Clifford Peache (Chris Makepeace) is a teenager whose widowed father (Martin Mull) is manager of a hotel in the city, where he lives with his grandmother (Ruth Gordon). His grandmother is an irrepressible old woman who is constantly getting into trouble, and Clifford's father is worried about how stable his management postition is. Clifford has troubles of his own when he starts a new school, and immediately makes enemies with the resident bully, Moody (Matt Dillon), who demands protection money from the kids. When Clifford refuses to pay, Moody does his very best to make his life a misery...
Ever wondered what the missing link between a teen movie like Breaking Away and a teen movie like The Breakfast Club would be? Look no further than My Bodyguard, which was written by Alan Ormsby. It doesn't feature any inspiring sporting events, neither does it play a selection of eighties hits on the soundtrack (Dave Grusin's music is actually quite twee), but it is heartwarming without shying away from real emotional pain - as well as real physical pain.
It's not that Clifford's family don't love him, but they don't offer much support when things get tough for him at school. His father is more concerned with keeping his job and restraining his dotty mother, and although he phones the school to complain about Moody's behaviour, it only serves to single out Clifford for rougher treatment. Still, Clifford can't take matters into his own hands, but comes up with an ingenious idea to prevent further attacks: he'll get a bodyguard.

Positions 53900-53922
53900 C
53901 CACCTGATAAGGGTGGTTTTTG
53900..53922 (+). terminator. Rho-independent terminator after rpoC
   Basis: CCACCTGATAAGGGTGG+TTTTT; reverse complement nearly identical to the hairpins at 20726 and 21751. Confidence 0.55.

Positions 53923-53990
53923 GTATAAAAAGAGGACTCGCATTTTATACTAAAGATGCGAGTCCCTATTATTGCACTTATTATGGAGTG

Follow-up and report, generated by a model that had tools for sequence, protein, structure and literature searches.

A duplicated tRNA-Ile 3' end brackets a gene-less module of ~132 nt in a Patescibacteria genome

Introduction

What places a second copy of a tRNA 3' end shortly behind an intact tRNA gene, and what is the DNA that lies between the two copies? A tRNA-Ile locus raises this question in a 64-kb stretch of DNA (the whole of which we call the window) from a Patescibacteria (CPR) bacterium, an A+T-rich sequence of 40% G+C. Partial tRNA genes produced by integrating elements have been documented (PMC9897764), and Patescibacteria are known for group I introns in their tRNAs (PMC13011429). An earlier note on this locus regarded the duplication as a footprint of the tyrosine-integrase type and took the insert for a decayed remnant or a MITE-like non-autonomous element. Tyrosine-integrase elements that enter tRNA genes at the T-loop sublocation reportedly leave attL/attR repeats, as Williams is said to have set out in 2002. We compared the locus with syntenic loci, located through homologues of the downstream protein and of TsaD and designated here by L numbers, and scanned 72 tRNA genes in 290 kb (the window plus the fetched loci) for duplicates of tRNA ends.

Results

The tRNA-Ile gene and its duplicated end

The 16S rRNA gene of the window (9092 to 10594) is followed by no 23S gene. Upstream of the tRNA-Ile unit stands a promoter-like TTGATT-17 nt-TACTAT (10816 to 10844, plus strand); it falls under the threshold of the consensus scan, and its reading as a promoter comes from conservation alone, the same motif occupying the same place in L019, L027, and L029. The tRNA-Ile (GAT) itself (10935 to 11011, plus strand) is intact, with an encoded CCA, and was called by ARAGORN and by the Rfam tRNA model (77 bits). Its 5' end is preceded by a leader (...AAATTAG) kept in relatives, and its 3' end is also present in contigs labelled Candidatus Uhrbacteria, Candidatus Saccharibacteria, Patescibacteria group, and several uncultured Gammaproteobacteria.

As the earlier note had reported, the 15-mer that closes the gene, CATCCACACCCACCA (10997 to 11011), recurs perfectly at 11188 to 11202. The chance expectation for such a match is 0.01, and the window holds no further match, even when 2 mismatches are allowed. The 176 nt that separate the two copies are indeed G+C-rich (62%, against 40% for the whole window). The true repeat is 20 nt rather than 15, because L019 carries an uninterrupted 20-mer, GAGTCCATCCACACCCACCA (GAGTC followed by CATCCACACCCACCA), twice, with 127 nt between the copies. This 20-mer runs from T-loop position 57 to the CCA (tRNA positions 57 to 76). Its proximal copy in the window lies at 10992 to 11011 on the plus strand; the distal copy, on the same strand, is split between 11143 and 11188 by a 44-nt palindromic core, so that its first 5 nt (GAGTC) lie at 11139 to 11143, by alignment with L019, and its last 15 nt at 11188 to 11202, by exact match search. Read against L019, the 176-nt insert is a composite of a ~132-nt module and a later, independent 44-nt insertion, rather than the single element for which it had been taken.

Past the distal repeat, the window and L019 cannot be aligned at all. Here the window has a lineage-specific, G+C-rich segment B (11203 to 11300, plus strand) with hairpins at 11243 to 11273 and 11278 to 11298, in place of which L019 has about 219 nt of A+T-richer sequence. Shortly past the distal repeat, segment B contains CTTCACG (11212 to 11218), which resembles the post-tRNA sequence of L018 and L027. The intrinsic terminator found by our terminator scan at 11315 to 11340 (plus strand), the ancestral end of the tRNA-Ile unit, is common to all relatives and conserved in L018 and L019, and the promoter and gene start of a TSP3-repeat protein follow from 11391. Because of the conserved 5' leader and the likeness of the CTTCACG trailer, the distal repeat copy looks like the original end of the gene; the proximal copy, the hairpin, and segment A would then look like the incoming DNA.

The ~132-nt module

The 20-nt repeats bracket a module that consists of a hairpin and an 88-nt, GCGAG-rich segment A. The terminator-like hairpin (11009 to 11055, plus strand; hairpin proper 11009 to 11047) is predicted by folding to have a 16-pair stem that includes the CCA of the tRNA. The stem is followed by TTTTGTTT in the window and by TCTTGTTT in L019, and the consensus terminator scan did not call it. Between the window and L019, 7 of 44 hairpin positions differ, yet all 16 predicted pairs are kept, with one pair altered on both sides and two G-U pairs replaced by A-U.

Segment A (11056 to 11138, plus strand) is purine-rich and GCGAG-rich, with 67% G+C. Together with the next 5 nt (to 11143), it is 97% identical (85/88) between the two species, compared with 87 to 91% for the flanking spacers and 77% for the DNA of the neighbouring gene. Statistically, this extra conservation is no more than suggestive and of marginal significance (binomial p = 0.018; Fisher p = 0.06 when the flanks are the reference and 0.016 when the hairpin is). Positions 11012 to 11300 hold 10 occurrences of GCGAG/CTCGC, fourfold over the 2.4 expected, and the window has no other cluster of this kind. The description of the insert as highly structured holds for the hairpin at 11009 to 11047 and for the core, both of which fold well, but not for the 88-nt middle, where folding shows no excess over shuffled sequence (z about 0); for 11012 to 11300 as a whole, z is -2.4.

While the bullies are top dogs, this film sees the misfits providing support for each other, and it's encouraging to watch. The most visible misfit is Linderman (Adam Baldwin), a hulking youth about whom many stories have grown up around, he raped a teacher, he shot someone dead, that sort of thing. Clifford sees in him a solution to his problems, and the scene where Linderman helps Clifford stand up to Moody is one of the highlights.
Gradually, Clifford wins Linderman's trust, and an unlikely friendship develops. This long "making friends" sequence seems pretty mild in comparison with what's gone before, but don't forget this is a comedy, too, largely of the quirky kind. There are many amusing lines, such as the bit where Clifford's father cries "Oh my God!" when faced with the unappetising fry-up his mother has cooked for breakfast, to which she replies, "Aw, so nice to hear you saying grace again!"
However, this jokiness lulls you into a false sense of security. Moody won't take no for answer for long, and while Linderman, who has a dark secret, is making new friends, Moody has recruited his own bodyguard. It's heartbreaking when Linderman is humiliated by the bullies, and the tone turns very serious with Linderman pushing Clifford away and retreating into his former monosyllabic state. Have no fear, there is a happy ending, but My Bodyguard is surprisingly affecting, with a well-chosen cast bringing out the best in the story, which simply and effectively says, don't let the bastards grind you down.